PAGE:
Personnel: JJ Grey (vocals, acoustic guitar, electric guitar, harmonica); Andrew Trube (electric guitar, lap steel guitar); Art Edmaiston (tenor saxophone, baritone saxophone); Dennis Marion (trumpet); Anthony Farrell (piano, organ); Anthony Cole (drums).
Audio Mixer: Carl Nappa.
Recording information: The Variety Playhouse, Atlanta, GA (01/22/2011).
Director: Spookie Daly.
Editors: Sabrina Hilario; David Bragg; Spookie Daly.
Photographer: Tibor Nemeth.
Arranger: JJ Grey.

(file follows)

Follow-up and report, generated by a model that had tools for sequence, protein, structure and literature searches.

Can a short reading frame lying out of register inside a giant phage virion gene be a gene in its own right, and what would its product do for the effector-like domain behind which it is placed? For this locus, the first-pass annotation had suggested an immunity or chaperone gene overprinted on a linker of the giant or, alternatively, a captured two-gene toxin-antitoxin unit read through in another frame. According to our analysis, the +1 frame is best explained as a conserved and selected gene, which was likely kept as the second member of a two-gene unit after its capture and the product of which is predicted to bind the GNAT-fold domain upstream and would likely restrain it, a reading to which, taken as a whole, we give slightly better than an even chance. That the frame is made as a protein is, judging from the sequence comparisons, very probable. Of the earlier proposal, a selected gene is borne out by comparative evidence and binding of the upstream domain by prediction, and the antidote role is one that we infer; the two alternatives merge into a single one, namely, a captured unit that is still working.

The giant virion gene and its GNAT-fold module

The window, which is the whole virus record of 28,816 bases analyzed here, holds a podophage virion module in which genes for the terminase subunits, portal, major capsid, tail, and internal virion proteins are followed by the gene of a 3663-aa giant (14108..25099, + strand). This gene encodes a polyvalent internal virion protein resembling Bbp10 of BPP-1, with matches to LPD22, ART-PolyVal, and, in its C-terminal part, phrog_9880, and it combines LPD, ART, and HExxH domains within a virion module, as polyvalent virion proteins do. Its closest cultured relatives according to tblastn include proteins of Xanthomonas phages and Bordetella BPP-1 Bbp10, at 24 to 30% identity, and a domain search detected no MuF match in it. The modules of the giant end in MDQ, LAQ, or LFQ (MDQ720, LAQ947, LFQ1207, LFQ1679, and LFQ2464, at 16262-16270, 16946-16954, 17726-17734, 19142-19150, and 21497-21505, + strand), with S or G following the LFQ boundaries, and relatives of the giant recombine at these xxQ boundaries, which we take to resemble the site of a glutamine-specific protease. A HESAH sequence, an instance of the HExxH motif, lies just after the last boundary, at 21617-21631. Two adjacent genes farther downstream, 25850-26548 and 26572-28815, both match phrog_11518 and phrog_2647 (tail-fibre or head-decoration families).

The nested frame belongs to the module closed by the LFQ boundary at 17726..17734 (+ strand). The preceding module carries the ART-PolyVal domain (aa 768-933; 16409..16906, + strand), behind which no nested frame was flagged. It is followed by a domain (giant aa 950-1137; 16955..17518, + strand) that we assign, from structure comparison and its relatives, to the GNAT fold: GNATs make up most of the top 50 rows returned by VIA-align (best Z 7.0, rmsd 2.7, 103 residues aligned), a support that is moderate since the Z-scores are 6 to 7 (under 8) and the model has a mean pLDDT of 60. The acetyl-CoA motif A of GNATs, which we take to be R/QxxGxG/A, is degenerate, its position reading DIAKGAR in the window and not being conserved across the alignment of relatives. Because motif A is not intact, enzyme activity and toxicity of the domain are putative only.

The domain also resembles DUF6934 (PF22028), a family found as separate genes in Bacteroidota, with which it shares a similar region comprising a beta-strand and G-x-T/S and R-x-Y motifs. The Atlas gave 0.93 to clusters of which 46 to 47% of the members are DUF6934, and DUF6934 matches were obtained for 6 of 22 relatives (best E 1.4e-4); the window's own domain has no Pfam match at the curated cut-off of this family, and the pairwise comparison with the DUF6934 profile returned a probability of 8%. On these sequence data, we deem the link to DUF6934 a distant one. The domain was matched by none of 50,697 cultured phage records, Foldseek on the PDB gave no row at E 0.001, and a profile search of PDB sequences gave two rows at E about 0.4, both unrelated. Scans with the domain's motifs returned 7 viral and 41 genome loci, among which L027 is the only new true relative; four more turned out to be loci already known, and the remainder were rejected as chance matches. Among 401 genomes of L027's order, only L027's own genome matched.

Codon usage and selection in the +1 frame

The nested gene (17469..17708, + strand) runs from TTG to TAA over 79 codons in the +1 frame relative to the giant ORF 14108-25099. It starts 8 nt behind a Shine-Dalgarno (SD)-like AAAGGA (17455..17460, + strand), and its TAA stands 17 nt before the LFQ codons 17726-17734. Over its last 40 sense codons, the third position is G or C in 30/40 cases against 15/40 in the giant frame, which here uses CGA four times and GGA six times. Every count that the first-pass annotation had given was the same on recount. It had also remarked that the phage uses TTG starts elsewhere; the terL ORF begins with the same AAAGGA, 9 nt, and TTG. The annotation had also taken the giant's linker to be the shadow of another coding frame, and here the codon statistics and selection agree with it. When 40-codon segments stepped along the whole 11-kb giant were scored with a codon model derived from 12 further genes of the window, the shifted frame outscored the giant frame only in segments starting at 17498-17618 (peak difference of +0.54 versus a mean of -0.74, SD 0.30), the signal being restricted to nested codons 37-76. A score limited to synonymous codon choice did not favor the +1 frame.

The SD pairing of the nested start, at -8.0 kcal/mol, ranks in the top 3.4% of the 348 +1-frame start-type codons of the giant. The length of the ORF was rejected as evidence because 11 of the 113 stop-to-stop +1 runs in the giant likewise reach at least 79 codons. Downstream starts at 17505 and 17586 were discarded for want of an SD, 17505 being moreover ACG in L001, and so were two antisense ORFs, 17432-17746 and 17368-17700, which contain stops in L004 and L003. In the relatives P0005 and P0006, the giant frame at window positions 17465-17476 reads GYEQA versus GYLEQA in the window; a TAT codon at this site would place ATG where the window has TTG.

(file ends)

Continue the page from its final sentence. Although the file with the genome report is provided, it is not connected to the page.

If you've ever seen JJ Grey & Mofro, you have an idea of what to expect from this concert-length DVD and accompanying 78-minute CD. That said, since this gig, recorded in January at Atlanta's Variety Playhouse, was pre-planned with the end result being Brighter Days, maybe you don't. For starters, there's the band. For this engagement, Mofro was a sextet that included saxophonist Art Edmaiston, trumpeter Dennis Marion, organist and pianist Anthony Farrell, drummer Anthony Cole, electric and lap steel guitarist Andrew Trube, and bassist Todd Smallie. The concert footage is broken up with documentary footage of Grey -- who hails from the swamps of Florida -- telling stories (he's brilliant at it) and offering his observations on music, life, and various and sundry thoughts. The DVD gig contains three more songs than the CD. Musically, Mofro is excellent here. The way Grey and band combine their loosely played (not sloppy) roots meld of Southern R&B, country, blues, gospel, and muddy pop has a way of gaining in intensity, whether they are playing vintage tunes or newer ones; it's instictive, not something you can rehearse. Grey's voice is much grittier live than on records, it is a catalyst for the band to build upon and they do so whenever presented with the opportunity. The Brighter Days film was by Spookie Daly. The multi-camera concert footage is spontaneous, capturing the band in full-on, sweat-streaked glory, feeding off the crowd and passing good vibes back to them. The audio CD doesn't come off quite as well. Perhaps it's the lack of between-song banter, or that seeing a band play numerous choruses of a particular tune translates better in visual rather than the aural mediums. That said, certain tracks on the CD do stick out: "War," with its burning guitar work and squealing horns, the shambolic dance strut of "Orange Blossoms," and the long, gospelized blues righteousness of "The Sun Is Shining Down." While this one is for the fans, hearing the three aformentioned tracks would make a believer out of virtually anyone. Sold at an attractive price point, this set is pretty much irresisitible for fans. ~ Thom Jurek